But there is an even more compelling comparison to be made – productivity before and after resettlement – that goes to the heart of land reform programme. Indeed, the first question put to Scoones by the BBC World TV interviewer was, “How does productivity compare to the past where these [resettlement areas] were owned by white commercial farmers.” Bill Kinsey, a leading researcher on the resettlement programme, had already predicted the economic consequences of replacing commercial farms with resettlement schemes.[3] He estimated, for example, that the resettlement of 170,000 families would eliminate 177,000 farm workers’ jobs, resulting in a $148 million loss in wages annually. Less that half of this – i.e. only $70 million – would be made up by the earnings of settlers. He also estimated that the commercial area population of 1.67 million would fall below 1.19 million after resettlement, suggesting that more people would be displaced than resettled, “creating pressures for further rounds of resettlement”. A model was therefore ready and waiting to be tested empirically by Scoones’ team.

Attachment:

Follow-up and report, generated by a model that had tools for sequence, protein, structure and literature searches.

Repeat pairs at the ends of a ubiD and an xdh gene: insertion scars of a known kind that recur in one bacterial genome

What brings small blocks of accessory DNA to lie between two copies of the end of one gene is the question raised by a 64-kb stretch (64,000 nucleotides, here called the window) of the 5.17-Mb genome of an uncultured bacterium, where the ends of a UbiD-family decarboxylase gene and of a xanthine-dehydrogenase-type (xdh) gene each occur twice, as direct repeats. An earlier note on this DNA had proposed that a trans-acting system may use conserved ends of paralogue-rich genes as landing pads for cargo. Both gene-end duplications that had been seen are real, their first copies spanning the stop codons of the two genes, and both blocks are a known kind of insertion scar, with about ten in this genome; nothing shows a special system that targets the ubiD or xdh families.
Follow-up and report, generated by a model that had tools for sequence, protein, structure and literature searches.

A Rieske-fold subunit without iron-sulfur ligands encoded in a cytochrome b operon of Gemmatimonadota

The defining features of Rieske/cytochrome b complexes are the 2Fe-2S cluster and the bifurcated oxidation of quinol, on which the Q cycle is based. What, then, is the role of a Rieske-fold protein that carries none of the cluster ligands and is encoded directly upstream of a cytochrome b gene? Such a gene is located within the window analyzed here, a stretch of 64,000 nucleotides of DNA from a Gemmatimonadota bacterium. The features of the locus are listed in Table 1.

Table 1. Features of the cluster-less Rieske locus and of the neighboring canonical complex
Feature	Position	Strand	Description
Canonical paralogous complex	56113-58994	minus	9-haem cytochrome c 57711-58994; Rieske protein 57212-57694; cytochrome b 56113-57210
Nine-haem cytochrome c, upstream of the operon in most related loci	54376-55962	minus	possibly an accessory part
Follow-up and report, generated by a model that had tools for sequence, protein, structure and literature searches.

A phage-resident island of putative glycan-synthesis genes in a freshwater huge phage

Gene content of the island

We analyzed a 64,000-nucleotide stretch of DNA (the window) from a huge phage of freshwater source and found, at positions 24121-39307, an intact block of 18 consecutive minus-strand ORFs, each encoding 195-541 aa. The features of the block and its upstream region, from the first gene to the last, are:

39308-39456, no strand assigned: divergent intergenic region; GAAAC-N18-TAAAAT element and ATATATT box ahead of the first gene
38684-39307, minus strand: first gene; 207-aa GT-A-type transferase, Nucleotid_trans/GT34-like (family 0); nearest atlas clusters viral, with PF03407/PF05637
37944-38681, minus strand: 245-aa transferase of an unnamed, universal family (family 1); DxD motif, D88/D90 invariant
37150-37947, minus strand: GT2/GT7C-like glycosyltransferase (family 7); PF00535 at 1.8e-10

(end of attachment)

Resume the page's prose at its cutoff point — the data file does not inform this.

This question did not escape them. As they noted, “A question often posed is whether the resettlements are an improvement on what was there before.” [220] They also recognised that, “With land being removed from commercial production, the benchmark for the performance of the new agrarian configuration is high”. [233] But they conveniently fall back on their excuse of complexity – full of ifs, buts and maybes. “This is an impossible question to answer easily”, they said, “it all depends on what was there before.” [ibid.] But there is nothing to suggest that they made the slightest attempt to find out; despite the availability of very detailed information on commercial farms that had been collected for the purpose of estimating compensation. Instead, they lamely claimed that calculating returns are “social and political choices, and so are not amenable to simple economic analysis.” [220] Yet this did not deter them from making highly misleading estimates of productivity to suit their purpose. After using per hectare estimates of net revenue from cattle ranching to give them “simple orders of magnitude”, they concluded that the “new mixed farming systems of the A1 and informal systems are clearly outperforming extensive cattle or wildlife ranching on a per area basis by a substantial margin.” [220] For a study making grandiose claims, this analysis is wholly inadequate.